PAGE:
In order to access data, medical staff must identify themselves as authorised to the telematics infrastructure. This works via a physical smart card that must be inserted into the e-health card terminal, which in turn is directly connected to the telematics infrastructure via the connector. Last autumn, the Society for Telematics Applications of the Health Card (Gematik) approved the first e-health connector for use in the telematics infrastructure. This now makes medical applications such as the electronic medication plan or digital communication between service providers possible.

Currently, the telematics infrastructure is being further developed in a targeted manner. One example: according to Gematik CEO Markus Leyck Dieken, the advancing digitalisation is bringing with it ever larger volumes of data through videos of operations or high-resolution X-ray images. Gematik GmbH was founded in January 2005 by the leading organisations of the German health care system to promote the introduction, maintenance and further development of the electronic health card (eGK) and its infrastructure in Germany in accordance with the legal mandate. "For this reason, the TI should be less storage space and more a medium that creates access possibilities to various sources. It could, for example, provide keys with which authorised persons could access certain data sources," it says in the newsletter "Digital Health" of the business newspaper "Handelsblatt".

Telematics infrastructure security architecture to be reorganised

According to the report, access to the system is also to become more flexible. Until now, doctors and patients have needed three different chip cards. Practices and clinics also need a connector, a kind of router box, to access the system. In times of fingerprint sensors and online logins, this technology is a lot of things, but certainly not accepted by the users. Leyck Dieken from Gematik now wants cards and connectors to give way to a digital identity by 2023 at the latest, with which patients and doctors can access the TI conveniently and regardless of location. It goes on to say: "The TI security architecture is also to be changed. It is to be extended to various systems. In addition, it is to be automated and no longer controlled only by humans. Gematik also wants to ensure that data exchanged via the telematics infrastructure is collected under uniform standards so that it can be processed everywhere and independently of the system.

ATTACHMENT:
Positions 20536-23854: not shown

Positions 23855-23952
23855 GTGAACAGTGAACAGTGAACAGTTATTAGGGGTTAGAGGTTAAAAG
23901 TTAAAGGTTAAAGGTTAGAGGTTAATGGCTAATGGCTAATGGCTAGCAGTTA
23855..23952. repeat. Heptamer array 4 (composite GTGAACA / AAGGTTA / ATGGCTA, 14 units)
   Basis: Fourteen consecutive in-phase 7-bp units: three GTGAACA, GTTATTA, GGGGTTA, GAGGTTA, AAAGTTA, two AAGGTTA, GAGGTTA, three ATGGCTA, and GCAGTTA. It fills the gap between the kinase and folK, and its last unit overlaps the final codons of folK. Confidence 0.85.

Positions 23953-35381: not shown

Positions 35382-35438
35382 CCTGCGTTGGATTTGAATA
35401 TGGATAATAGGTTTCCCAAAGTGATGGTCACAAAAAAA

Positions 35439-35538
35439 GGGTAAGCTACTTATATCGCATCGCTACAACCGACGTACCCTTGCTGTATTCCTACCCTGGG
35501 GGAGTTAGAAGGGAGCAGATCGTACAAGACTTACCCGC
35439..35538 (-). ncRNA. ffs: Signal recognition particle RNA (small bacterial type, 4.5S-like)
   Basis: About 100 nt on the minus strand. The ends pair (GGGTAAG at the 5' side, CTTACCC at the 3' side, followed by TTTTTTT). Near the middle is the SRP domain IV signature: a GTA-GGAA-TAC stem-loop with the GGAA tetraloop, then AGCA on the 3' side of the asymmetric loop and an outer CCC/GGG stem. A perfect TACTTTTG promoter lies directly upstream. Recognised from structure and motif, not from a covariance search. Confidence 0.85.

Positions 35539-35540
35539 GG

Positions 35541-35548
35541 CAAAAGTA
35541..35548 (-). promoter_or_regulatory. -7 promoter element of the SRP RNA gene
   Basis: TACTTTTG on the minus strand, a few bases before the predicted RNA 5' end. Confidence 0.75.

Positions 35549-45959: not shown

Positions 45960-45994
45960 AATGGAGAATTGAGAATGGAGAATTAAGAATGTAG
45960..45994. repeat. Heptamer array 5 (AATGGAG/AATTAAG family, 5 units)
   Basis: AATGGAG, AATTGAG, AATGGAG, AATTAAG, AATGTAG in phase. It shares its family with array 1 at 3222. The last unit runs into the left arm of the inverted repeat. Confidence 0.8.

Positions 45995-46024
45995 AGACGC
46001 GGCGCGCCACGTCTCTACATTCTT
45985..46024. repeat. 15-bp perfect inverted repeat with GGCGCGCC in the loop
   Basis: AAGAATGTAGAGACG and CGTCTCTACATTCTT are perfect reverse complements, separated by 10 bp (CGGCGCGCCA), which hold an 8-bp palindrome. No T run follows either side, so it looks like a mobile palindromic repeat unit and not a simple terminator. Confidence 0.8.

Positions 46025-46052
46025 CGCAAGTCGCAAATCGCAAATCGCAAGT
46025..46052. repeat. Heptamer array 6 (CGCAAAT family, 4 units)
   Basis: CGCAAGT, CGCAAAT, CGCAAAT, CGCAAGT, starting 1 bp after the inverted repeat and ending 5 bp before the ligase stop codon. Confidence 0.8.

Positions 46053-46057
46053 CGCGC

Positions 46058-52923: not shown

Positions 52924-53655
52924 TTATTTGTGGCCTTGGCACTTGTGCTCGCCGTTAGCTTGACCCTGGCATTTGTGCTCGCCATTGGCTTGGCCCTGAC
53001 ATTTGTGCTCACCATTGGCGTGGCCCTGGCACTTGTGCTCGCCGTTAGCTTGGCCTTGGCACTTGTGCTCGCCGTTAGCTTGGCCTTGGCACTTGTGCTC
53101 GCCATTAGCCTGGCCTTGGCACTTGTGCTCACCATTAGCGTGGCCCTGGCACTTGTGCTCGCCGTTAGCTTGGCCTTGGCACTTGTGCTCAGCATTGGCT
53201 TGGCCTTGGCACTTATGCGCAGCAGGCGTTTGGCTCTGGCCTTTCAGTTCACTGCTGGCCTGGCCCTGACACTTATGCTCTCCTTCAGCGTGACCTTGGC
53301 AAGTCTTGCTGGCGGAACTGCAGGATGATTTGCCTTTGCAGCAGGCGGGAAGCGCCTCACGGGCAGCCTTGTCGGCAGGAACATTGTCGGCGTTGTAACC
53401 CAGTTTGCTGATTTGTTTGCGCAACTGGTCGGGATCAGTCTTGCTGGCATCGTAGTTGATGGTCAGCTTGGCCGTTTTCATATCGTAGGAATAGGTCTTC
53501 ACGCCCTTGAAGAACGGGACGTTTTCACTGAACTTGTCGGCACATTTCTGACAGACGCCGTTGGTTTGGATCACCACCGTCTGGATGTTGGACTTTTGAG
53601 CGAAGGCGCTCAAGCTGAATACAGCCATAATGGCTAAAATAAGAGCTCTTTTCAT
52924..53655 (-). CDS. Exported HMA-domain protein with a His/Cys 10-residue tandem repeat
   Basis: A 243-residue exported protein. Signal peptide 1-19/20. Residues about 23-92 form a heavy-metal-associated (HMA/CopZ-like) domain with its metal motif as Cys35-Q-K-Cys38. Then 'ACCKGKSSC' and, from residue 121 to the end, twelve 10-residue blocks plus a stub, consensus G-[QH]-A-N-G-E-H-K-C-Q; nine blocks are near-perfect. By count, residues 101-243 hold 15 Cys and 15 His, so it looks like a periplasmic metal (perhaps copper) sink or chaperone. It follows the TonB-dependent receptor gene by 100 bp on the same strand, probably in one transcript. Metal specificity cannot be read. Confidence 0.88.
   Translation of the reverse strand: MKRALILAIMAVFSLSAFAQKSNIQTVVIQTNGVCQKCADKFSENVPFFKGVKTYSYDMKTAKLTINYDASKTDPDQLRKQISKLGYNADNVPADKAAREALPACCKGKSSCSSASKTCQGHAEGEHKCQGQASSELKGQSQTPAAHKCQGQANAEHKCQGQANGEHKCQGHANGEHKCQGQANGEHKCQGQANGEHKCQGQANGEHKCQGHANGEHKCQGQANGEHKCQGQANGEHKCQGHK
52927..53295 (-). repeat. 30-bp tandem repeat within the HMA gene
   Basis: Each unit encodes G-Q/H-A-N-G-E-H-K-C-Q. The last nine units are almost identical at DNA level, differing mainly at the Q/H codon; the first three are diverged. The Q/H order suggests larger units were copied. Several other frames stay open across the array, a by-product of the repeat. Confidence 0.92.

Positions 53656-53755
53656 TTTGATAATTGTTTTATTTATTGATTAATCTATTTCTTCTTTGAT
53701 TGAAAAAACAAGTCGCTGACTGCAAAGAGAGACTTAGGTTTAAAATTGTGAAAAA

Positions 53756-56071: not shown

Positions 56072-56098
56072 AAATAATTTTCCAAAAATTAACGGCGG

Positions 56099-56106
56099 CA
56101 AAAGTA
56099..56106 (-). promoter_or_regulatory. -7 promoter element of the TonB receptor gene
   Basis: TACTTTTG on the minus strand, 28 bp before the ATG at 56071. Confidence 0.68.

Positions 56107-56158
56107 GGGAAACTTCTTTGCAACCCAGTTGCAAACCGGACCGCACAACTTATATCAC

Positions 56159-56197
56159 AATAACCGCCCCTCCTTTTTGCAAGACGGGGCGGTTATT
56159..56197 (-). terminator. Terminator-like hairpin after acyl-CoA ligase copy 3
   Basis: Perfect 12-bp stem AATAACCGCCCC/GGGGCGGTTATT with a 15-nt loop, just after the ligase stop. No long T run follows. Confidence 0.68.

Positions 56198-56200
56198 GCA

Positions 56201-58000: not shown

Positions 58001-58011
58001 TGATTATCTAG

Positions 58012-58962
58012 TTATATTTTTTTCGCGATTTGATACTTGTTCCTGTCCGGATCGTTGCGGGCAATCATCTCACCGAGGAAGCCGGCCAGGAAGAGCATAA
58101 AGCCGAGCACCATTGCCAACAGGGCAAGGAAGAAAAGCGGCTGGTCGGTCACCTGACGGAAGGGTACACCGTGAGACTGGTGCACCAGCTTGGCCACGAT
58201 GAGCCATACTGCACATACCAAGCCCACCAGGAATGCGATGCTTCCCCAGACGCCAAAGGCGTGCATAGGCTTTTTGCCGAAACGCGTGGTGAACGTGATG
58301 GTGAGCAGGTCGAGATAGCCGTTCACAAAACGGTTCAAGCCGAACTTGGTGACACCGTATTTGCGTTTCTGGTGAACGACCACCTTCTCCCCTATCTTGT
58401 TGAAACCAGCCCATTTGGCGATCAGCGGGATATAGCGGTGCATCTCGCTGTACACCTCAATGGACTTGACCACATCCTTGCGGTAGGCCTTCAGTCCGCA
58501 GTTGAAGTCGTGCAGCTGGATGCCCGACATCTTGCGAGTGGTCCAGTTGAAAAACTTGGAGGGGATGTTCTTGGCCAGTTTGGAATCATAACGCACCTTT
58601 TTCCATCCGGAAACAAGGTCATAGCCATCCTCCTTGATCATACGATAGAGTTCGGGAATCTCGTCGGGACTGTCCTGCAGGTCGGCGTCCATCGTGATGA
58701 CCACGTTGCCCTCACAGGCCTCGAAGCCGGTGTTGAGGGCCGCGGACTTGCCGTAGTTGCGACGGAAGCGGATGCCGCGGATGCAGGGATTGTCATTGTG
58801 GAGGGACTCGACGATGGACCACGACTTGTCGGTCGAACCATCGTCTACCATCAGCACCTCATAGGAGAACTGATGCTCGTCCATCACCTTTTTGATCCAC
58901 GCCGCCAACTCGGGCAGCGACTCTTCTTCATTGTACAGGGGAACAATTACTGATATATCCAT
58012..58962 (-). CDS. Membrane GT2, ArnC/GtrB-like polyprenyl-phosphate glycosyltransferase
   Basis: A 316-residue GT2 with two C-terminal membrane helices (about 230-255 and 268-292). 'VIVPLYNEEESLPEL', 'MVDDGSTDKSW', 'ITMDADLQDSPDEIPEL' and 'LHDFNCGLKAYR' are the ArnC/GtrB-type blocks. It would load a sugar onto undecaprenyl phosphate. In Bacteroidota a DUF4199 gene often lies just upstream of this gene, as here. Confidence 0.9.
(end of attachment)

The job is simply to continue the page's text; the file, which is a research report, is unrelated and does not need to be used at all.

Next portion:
The Federal Office for Information Security is responsible for the security certification of components and products in the telematics infrastructure. Since incorrect handling of health data can be potentially life-threatening - for example, if a medication dosage could be manipulated by a factor of 10 during transmission - the requirements for all components of the telematics infrastructure meet the highest security standards. Further security arises from the complex interplay of access codes, passwords and physical authorisations.

* This text may contain translation errors as the translation was performed by an online translation tool.